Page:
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com·e·dy (kŏmĭ-dē)
Share:
n. pl. com·e·dies
1.
a. A dramatic work that is light and often humorous or satirical in tone and that usually contains a happy resolution of the thematic conflict.
b. The genre made up of such works.
2. A literary or cinematic work of a comic nature or that uses the themes or methods of comedy.
3. Popular entertainment composed of jokes, satire, or humorous performance.
4. The art of composing or performing comedy.
5. A humorous element of life or literature: the human comedy of political campaigns.
6. A humorous occurrence.
Idiom:
comedy of errors
A ludicrous event or sequence of events: The candidate's campaign turned out to be a political comedy of errors.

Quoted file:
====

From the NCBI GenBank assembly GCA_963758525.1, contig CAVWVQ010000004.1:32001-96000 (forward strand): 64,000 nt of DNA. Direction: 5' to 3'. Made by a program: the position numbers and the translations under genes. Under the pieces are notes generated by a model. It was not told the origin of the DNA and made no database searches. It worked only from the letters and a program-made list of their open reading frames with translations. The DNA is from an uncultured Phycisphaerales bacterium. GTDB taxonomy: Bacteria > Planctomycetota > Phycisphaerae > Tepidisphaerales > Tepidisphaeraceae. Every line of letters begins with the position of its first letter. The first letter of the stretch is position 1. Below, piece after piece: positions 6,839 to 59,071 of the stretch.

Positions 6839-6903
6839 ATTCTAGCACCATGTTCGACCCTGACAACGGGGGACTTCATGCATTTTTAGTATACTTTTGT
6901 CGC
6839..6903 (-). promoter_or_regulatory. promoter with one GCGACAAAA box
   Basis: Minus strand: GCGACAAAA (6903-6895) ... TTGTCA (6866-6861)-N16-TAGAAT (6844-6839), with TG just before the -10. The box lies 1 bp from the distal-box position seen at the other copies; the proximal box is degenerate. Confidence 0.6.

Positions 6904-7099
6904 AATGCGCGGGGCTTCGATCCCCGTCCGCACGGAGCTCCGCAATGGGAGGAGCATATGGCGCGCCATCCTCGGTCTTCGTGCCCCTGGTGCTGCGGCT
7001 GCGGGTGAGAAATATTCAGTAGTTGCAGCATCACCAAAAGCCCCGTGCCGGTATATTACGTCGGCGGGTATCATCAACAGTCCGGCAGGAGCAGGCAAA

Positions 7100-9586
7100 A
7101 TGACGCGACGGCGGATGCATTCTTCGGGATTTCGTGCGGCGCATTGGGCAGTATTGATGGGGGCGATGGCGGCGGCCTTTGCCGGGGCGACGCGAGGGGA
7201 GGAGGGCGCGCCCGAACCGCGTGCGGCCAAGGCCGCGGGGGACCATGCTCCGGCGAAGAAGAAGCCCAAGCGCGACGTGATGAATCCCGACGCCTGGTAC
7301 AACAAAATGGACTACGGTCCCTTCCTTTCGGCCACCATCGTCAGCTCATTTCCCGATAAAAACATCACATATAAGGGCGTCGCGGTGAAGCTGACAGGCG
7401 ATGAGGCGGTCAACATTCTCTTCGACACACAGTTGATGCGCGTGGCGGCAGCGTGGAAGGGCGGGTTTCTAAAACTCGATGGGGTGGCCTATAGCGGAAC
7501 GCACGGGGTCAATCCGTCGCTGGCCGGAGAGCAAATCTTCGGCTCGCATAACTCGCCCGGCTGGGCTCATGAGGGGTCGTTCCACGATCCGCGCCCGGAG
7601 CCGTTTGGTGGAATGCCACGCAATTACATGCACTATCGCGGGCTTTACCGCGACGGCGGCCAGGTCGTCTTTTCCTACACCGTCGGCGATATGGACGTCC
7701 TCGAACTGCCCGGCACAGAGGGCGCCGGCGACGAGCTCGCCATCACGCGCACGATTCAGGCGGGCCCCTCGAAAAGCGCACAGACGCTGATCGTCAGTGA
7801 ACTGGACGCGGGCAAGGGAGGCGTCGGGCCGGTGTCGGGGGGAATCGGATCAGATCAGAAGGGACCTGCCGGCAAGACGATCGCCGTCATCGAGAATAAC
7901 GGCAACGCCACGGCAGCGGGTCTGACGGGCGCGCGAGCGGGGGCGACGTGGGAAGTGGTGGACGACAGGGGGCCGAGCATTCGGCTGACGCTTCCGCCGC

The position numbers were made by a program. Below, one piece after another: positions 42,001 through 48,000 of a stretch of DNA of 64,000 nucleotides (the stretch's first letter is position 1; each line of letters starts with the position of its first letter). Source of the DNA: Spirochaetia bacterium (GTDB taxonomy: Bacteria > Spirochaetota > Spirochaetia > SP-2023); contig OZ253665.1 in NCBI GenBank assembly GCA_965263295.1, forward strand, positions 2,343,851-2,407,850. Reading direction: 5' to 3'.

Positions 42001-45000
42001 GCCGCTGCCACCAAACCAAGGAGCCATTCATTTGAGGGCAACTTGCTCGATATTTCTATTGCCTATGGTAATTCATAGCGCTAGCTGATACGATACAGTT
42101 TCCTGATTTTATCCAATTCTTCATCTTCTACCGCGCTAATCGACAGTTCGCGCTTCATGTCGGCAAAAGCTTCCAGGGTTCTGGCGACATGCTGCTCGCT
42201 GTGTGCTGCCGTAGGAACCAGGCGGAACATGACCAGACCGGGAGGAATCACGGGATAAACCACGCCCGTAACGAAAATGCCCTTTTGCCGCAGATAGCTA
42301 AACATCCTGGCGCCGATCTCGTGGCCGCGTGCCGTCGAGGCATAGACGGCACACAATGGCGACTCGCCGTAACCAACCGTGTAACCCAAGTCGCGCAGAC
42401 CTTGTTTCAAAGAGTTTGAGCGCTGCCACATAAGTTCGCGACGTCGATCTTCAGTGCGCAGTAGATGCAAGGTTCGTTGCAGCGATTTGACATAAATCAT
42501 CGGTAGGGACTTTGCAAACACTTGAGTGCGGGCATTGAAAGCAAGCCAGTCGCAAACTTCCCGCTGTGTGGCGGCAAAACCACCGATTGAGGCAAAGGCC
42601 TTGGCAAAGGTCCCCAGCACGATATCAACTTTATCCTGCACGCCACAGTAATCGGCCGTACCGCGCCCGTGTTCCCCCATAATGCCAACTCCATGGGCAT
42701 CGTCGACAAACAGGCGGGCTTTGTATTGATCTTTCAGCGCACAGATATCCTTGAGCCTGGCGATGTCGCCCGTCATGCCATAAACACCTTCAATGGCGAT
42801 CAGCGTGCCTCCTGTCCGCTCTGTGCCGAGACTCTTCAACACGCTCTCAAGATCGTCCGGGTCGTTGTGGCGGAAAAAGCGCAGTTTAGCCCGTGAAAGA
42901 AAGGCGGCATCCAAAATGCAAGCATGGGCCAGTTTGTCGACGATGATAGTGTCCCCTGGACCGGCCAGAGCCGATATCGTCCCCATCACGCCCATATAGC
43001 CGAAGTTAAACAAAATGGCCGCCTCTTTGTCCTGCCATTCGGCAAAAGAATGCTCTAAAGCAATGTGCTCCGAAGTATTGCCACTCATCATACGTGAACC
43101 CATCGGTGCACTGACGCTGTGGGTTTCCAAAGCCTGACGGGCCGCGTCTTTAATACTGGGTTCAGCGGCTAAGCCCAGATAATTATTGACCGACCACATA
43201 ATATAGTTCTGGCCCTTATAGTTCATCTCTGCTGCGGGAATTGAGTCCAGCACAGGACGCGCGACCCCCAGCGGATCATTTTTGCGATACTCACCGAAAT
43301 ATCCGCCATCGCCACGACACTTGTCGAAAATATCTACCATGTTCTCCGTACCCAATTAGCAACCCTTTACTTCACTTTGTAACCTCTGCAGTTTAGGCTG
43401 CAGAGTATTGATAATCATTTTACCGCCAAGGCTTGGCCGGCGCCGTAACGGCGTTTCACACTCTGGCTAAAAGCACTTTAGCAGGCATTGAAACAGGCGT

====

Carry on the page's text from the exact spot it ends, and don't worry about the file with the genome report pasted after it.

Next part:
[Middle English comedie, from Medieval Latin cōmēdia, from Latin cōmoedia, from Greek kōmōidia, from kōmōidos, comic actor : kōmos, revel + aoidos, singer (from aeidein, to sing; see wed-2 in the Appendix of Indo-European roots).]

The American Heritage® Dictionary of the English Language, Fifth Edition copyright ©2017 by Houghton Mifflin Harcourt Publishing Company. All rights reserved.
 

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